Wow! Already moving into February 2022, the commercial real estate world has been keeping an eye on out for any and all disruptions that may affect the industry; with many still wondering what this next will bring. As has been the case in previous months, supply chain issues, rising material costs, and labor shortages will continue to play a prominent role. However, some new factors that have had residual effects on the industry include a nationwide housing shortage and inflation rates that haven’t been seen in years. For February, SCG takes a closer look at the current commercial real estate environment and trends in the retail industry!
Inflation’s Effect on the Industry
With the announcement of the Fed’s decision to increase interest rates in the coming year to combat the nationwide inflation, the commercial real estate market could be amongst the hardest hit industries. Being that inflation has mostly been caused by supply chain issues, the decision to increase interest rates by the Fed has been met with much criticism. Still, the Fed has deemed this the best route, however this will “put upward pressure on interest rates, raising the cost of capital for CRE investors”, stated Marcus & Millichap’s John Chang in a Globest.com article.
With inflation on the rise over the past year, many general contractors in the industry were simply eating costs to stay on projects and continue working; we noticed that in the fourth quarter of 2021 the tipping point is was reached and GC’s nationwide raised their prices to level with the rising costs. Data is showing general contractor bids have risen anywhere from 5% – 15% depending on the size and dollar amount of the project. With so much volatility in the market, contractors are no longer able to absorb these costs; forcing them to put in higher bids to meet their own margins. Even with these price increases, “the higher prices contractors charge now still do not reflect all the cost increases they absorbed since the start of the pandemic” states Ken Simonson in a Wealthmanagement.com article.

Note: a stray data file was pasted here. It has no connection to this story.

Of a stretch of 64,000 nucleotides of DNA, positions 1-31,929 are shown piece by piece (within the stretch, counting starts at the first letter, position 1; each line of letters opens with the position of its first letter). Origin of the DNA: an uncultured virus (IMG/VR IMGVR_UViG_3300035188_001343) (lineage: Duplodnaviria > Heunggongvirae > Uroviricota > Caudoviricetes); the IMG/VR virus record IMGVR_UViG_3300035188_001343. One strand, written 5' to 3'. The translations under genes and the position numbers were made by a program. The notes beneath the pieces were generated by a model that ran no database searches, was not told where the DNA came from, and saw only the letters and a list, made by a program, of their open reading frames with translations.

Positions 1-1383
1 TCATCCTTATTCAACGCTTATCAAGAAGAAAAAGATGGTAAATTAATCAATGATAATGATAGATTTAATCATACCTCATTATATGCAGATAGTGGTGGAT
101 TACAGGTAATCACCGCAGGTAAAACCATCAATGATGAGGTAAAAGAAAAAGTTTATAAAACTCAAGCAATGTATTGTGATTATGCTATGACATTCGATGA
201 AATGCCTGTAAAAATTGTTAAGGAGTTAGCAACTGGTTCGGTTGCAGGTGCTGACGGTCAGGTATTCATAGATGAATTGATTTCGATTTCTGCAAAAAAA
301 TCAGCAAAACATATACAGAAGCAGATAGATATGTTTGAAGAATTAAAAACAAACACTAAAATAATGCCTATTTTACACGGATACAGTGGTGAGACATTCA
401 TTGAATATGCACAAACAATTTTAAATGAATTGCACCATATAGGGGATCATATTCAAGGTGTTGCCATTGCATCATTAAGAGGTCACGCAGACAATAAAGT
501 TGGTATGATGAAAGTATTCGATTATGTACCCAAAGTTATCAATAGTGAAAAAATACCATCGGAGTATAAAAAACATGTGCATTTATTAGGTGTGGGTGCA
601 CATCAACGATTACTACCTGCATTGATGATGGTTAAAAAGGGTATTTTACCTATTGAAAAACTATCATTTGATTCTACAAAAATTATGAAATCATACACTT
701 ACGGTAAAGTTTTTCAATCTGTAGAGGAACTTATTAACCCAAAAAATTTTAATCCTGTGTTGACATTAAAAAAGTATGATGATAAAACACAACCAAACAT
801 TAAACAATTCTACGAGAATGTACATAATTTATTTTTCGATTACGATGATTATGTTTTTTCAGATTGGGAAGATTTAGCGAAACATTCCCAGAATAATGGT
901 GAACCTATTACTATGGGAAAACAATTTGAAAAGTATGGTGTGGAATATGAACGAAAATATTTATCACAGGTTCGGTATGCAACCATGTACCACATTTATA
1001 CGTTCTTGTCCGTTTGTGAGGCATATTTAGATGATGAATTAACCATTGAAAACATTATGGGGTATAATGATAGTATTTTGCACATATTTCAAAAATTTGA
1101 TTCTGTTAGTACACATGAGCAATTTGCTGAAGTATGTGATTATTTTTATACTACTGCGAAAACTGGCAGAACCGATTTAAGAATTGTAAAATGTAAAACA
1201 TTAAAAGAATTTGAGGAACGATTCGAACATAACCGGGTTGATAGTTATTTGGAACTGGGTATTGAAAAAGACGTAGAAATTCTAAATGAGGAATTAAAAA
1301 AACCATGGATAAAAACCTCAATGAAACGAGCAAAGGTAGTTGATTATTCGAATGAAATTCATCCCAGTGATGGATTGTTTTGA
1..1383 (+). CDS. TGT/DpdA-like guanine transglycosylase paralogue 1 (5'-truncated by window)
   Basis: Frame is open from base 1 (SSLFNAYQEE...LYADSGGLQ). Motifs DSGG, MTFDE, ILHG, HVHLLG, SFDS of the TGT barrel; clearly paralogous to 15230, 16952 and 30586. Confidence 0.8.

As previously touched upon, supply chain disruptions and labor shortages continue to hold the market hostage. Many ports are reaching maximum holding capacity, facing shipping container shortages, and backlogs. Combine the effects that the labor shortage has had, and it is no surprise that we are experiencing year-over headline inflation of 7.1%. Adding to this, is the nationwide issue of a housing shortage; with housing prices “up 14.9% last year in response to the shortage”, according to a GlobeSt.com article.
Omicron and the Recovery
With the new Omicron variant of COVID comes new restrictions on the economy; however, this fresh headwind will not have as much of a derailing effect on the economy’s recovery efforts as have other variants had. Specifically, within commercial real estate, the new variant is expected to impact hospitality and office settings more than other sectors. With more companies likely to accept “remote work as a new reality” and “increasingly fewer holding on to the idea of the ‘return to office’” according to a GlobeSt.com article. While there are hindrances within the market, the overall sentiment from the commercial real estate world is to continue pushing through these headwinds. In an article posted on Real Estate New Jersey, the author, Kristian Cichon states that developers “appear optimistic with a record amount of projects entering a planning phase, signaling that the one- to three-year outlook is expecting stabilization” with forecasts projecting “about 3 percent growth” in construction and development spending for 2022.